Sovereign wealth funds have a reputation for secrecy but the $64.9 billion Alaska Permanent Fund Corporation breaks the mould. APF, the US’s largest sovereign endowment, has just hired a new CIO, Marcus Frampton, following a public interview process. Frampton’s board interview was open for the public to attend in person. People could also listen in via a live stream.
“Alaskans have a right to know how this process is conducted and hear from the board responsible for the state’s huge asset,” APF chief executive Angela Rodell says. “It is about making sure we can give as much insight into everything we do.”
Public interest has grown
It’s not a new process at APF. Rodell herself ran the gauntlet of an interview with a seven-member board while members of the public listened when she was hired at the Juneau-based fund in 2015. Indeed, many other public-sector pension funds now post live webcasts during open sessions of their board and committee meetings. The California Public Employees’ Retirement System’s September Board of Administration meetings have more than 300 views on YouTube.
Yet some of the world’s largest sovereign wealth funds, such as the $900 billion China Investment Corporation, Saudi Arabia’s $250 billion Public Investment Fund, and the $800 billion-plus Abu Dhabi Investment Authority – which doesn’t even reveal its amount of assets under management – have given the sector a reputation for secrecy that APF’s transparency and openness is trying to counter.
“What’s changed is that the attention on the fund is growing and people are paying more attention,” Rodell says.
Members of the public can’t ask questions – they’re confined to the public comment period before the meeting – and none of the questions are confidential or personally compromising for the candidate. That said, the public process holds a real challenge for candidates who haven’t cleared their application with their existing employer, but Rodell believes this is a good test.
“If you can’t interview in public and let your employer know that you’ve applied for the role, you are not the right candidate for us,” she says. “All candidates understand the need to do a public interview and the transparency that comes with it.”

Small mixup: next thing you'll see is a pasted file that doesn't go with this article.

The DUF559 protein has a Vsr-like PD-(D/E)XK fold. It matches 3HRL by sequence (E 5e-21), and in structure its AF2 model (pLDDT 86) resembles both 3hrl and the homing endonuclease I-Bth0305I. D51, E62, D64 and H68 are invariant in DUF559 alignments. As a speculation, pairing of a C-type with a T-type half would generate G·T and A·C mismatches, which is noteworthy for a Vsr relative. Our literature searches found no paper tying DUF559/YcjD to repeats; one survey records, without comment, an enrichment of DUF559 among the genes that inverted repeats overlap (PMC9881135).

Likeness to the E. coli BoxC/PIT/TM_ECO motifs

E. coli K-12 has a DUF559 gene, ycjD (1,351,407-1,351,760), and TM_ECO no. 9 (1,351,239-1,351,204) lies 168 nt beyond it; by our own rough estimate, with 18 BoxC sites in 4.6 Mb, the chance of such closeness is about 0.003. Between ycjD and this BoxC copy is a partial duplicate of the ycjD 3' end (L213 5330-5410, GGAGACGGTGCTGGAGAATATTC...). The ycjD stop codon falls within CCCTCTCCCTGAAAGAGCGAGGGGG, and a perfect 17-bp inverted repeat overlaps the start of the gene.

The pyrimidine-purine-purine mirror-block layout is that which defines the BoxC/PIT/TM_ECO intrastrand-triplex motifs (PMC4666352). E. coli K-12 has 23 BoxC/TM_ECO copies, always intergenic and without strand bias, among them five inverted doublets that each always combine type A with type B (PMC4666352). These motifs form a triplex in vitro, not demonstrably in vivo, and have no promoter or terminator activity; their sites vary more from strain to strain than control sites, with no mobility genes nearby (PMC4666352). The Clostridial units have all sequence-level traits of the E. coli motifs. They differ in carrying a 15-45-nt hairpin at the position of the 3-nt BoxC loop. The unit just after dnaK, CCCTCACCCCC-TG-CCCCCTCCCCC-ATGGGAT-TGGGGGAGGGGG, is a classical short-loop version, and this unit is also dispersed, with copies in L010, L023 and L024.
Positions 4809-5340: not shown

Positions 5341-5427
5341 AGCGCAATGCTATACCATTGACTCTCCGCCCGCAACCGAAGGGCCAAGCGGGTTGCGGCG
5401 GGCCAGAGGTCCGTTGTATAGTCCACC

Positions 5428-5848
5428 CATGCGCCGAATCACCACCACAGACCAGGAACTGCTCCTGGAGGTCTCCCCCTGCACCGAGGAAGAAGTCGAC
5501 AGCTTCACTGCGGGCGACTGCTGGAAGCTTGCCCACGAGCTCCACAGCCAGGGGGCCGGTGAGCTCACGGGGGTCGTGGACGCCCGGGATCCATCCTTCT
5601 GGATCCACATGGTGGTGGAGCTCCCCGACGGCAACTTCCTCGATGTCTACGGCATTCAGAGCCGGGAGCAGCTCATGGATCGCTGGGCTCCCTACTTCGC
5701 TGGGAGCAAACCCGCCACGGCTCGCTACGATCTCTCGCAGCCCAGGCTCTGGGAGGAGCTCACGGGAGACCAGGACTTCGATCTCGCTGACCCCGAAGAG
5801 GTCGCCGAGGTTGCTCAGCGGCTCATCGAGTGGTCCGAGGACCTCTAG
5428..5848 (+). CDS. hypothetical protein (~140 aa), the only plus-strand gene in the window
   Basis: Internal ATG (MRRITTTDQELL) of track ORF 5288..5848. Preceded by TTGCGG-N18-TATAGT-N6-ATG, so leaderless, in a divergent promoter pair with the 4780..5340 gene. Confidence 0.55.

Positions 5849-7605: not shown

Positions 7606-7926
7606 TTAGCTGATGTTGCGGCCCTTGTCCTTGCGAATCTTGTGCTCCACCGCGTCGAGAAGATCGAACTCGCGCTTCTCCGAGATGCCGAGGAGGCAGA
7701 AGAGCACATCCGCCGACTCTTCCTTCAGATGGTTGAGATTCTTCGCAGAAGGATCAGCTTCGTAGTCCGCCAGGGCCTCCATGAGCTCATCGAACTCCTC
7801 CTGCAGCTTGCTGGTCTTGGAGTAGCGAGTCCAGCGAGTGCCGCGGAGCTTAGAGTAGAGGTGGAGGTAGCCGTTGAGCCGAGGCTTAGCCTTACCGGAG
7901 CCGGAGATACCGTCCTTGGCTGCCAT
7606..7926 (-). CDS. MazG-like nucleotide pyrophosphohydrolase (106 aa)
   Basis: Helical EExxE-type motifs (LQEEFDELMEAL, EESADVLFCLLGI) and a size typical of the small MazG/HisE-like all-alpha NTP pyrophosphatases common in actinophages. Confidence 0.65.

She also believes the open forum makes for an excellent recruitment process in other ways. Public scrutiny removes potential for bias, says Rodell, one of the few female chief executives of a large public fund.
“The focus is on the job and what the candidate can bring to the role.”
The board members asked Frampton obvious questions, about the reason for his interest in the position, his prior experience and his commitment to Alaska. They asked him to list two things the fund wasn’t doing right; he cited enduring challenges in communications and operations, and in retention. He was for his thoughts on how APF would evolve over the next decade and where it would seek growth in an environment of declining returns. He was asked if he thought private equity returns could wane and what should replace them if they did. APF is aiming to increase its private equity allocation to 12-14 per cent by 2022 but Frampton told the board he “wouldn’t want to ramp up in this environment”. He was also asked his thoughts on the biggest challenge of the CIO role, to which he responded balancing the lack of budgetary control over resources with managing an investment team. He was also asked for his thoughts on the pros and cons of a co-CIO role.
APF is invested across seven asset classes: public equities (39 per cent); fixed income (22 per cent); private equity and special opportunities (11 per cent); real estate (11 per cent); infrastructure credit and income opportunities (11 per cent); asset allocation strategies (6 per cent); and absolute return (5 per cent).
Holding onto talent
Frampton has been promoted internally from his previous role as head of real assets and absolute return. He takes over from Russell Read, who left to become global head of client solutions at MSCI in London. Recruiting and holding onto talent in remote Alaska is a challenge; now the CIO position is occupied, APF will move to fill senior portfolio manager positions in private equity and real estate.
Rodell is enthused by the amount of interest she had in the CIO position, which she attributes to APF’s global footprint, growing size and sophistication.
“We were surprised and thrilled by the amount of interest in coming to work for the fund,” she says. “In the past, we’ve hired some fantastic external candidates but hiring internally is also great for the fund and sends a good message to our staff.”
Above all, it is important to keep APF’s 45-member investment team rooted in Alaska, she says.
“At the end of the day, this is a fund for the benefit of Alaska and we need to understand the culture and what it means to the state.”
It’s something Frampton well understands after six years on the investment team.
“This is my adoptive home and I hope to be here for the rest of my career,” he told the board.